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Abstract

  1. Top of page
  2. Abstract
  3. Case Reports
  4. Molecular Genetic Analysis
  5. Discussion
  6. Acknowledgments
  7. Funding Sources
  8. References
  9. Supporting Information

Woodhouse-Sakati syndrome (WSS) is a rare autosomal recessive disorder characterized by alopecia, hypogonadism, diabetes mellitus, intellectual disability, sensorineural deafness, extrapyramidal signs, and low insulinlike growth factor 1 levels. Inter- and intrafamilial phenotypic variability have been reported. Mutations in the C2orf37 gene cause WSS. The present report describes the clinical signs and symptoms of three affected siblings from a consanguineous Bedouin family from Kuwait. Direct sequencing of the C2orf37 gene revealed that the c.436delC (p.Ala147Hisfs*9) mutation was present in a homozygous state in all affected siblings and in a heterozygous state in the parents and a healthy sister. Nine C2orf37 mutations causing WSS have been identified. This family shared the mutation reported earlier in Saudi families and families of Bedouin tribes from Qatar and Israel. No phenotypic or genotypic correlation has been observed. Despite the great phenotypic variability of WSS, hypotrichosis has been observed in all individuals with WSS reported. This condition has not been reported in the dermatologic literature. WSS should be included in the differential diagnosis of syndromic congenital hypotrichosis.

Woodhouse-Sakati syndrome (WSS; Mendelian Inheritance in Man 241080) is a rare, autosomal recessive, neuroendocrine ectodermal disorder characterized by alopecia, hypogonadism, diabetes mellitus, intellectual disability, sensorineural deafness, and extrapyramidal signs. WSS was first described in 1983 [1]. Approximately 30 families with fewer than 75 affected patients have subsequently been reported [2-15]. Most of these families are of Middle Eastern origin [2-10], and the majority are from Saudi Arabia. Cases have also been observed in northern and eastern Europe [11, 12], Turkey [13], India [14], and Pakistan [15]. The gene responsible for WSS is C2orf37, which maps to chromosome 2q22.3-q35 [7]. All reported Saudi families have been found to carry the same mutation (c.436delC), highlighting a founder effect [7, 8], although C2orf37 mutations other than c.436delC have been reported in families from other countries [7, 8, 11, 15].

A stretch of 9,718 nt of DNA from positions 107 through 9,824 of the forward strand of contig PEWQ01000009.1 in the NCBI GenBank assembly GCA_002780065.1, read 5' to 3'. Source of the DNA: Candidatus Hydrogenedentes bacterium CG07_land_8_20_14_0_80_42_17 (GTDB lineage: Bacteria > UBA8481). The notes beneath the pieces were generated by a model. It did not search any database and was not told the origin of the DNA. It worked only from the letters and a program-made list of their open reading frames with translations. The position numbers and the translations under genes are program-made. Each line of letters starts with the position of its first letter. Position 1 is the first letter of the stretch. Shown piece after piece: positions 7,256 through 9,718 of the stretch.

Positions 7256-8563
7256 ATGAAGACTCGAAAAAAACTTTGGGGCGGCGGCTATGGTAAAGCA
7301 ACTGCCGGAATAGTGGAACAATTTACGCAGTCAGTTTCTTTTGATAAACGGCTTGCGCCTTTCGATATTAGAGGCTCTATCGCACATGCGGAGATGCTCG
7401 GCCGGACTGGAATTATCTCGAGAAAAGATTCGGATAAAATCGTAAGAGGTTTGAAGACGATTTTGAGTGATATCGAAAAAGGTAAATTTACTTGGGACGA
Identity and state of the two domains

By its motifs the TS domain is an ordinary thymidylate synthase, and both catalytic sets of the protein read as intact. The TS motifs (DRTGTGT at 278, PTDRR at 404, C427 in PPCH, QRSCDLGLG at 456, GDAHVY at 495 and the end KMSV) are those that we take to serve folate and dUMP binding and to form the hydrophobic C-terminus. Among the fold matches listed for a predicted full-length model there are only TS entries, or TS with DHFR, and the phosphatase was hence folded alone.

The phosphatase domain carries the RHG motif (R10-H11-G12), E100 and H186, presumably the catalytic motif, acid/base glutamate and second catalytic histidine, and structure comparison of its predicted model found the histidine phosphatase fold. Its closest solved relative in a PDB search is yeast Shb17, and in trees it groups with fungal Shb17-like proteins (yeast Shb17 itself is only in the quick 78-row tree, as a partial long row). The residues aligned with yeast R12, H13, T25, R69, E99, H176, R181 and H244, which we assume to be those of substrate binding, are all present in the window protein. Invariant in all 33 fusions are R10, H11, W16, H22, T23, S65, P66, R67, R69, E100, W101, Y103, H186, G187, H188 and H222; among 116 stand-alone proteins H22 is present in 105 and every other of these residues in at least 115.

Individuals with WSS present with a wide range of inter- and intrafamilial phenotypic variability [5, 8, 10]. Most patients present with intellectual impairment and delayed puberty. Alopecia or hypotrichosis is observed in all patients and ranges from the complete absence of scalp hair, eyebrows, and eyelashes in some to the presence of sparse, fine, and short hair in most. No scarring and no structural hair abnormalities have been reported [1-14]. Diabetes mellitus and extrapyramidal signs may develop during the second or third decade [5, 8, 10]. Facial dysmorphism and abnormalities of the cardiovascular and musculoskeletal systems, eyes, teeth, and thyroid have been reported in a small number of cases [1, 3-6, 11, 14, 15].

Although congenital alopecia is a cardinal sign of WSS, the disorder has not been reported in the dermatologic literature, with most published reports in genetic journals. We now describe WSS in three siblings from a consanguineous Bedouin family from Kuwait who were referred for evaluation of congenital hypotrichosis.

Case Reports

  1. Top of page
  2. Abstract
  3. Case Reports
  4. Molecular Genetic Analysis
  5. Discussion
  6. Acknowledgments
  7. Funding Sources
  8. References
  9. Supporting Information

The affected siblings are three of 10 children born to consanguineous parents (Fig. 1A). Patient 1 is a 19-year-old man (Fig. 1A [IV:4] and 1B). He was delivered at full-term with a birthweight of 4 kg. Sparse hair was present at birth that subsequently failed to grow beyond a length of 4 to 5 cm. His early development was normal. At the age of 10 years, focal choreoathetoid and dystonic movements were noted. Progressive gait abnormalities, dysarthria, and intellectual disability then developed. Before presenting to dermatology he had consulted a pediatrician, endocrinologist, and neurologist. His height and weight (at age 17 years) were assessed to be below the 5th percentile. Although his Tanner puberty stage rating for the genitalia was IV, no facial, axillary, or pubic hair was present. Neurologic assessment revealed moderate intellectual impairment, choreoathetoid movements, and difficulty walking. He was diagnosed with cerebral palsy with extrapyramidal signs and symptoms, delayed puberty, growth retardation, and hypothyroidism, but the diagnosis of WSS was not considered. On physical examination he was noted to have a triangular-shaped face, a prominent forehead, a flat occiput, large ears, and mild hypotrichosis of the scalp hair that followed a frontotemporal distribution. Ophthalmologic examination revealed an uncorrected visual acuity of 6/60 in both eyes. Laboratory investigations revealed low insulinlike growth factor 1 (IGF-1) (19 μm, normal range 36–73 μm), high thyroid-stimulating hormone (57.97 mIU/L, normal range 0.27–4.20 mIU/L), and low free thyroxine (5.57 pm, normal range 12–21 pm). Radiological examination of the spine showed mild scoliosis. The results of all other investigations, including serum testosterone, adrenocorticotrophic hormone, luteinizing hormone, follicle-stimulating hormone, prolactin, fasting blood sugar, glucose tolerance test, serum biochemistry, complete blood count, antithyroid antibodies, electromyogram, and magnetic resonance imaging (MRI) of his head, were normal. Chromosomal analysis revealed a normal male karyotype (46,XY).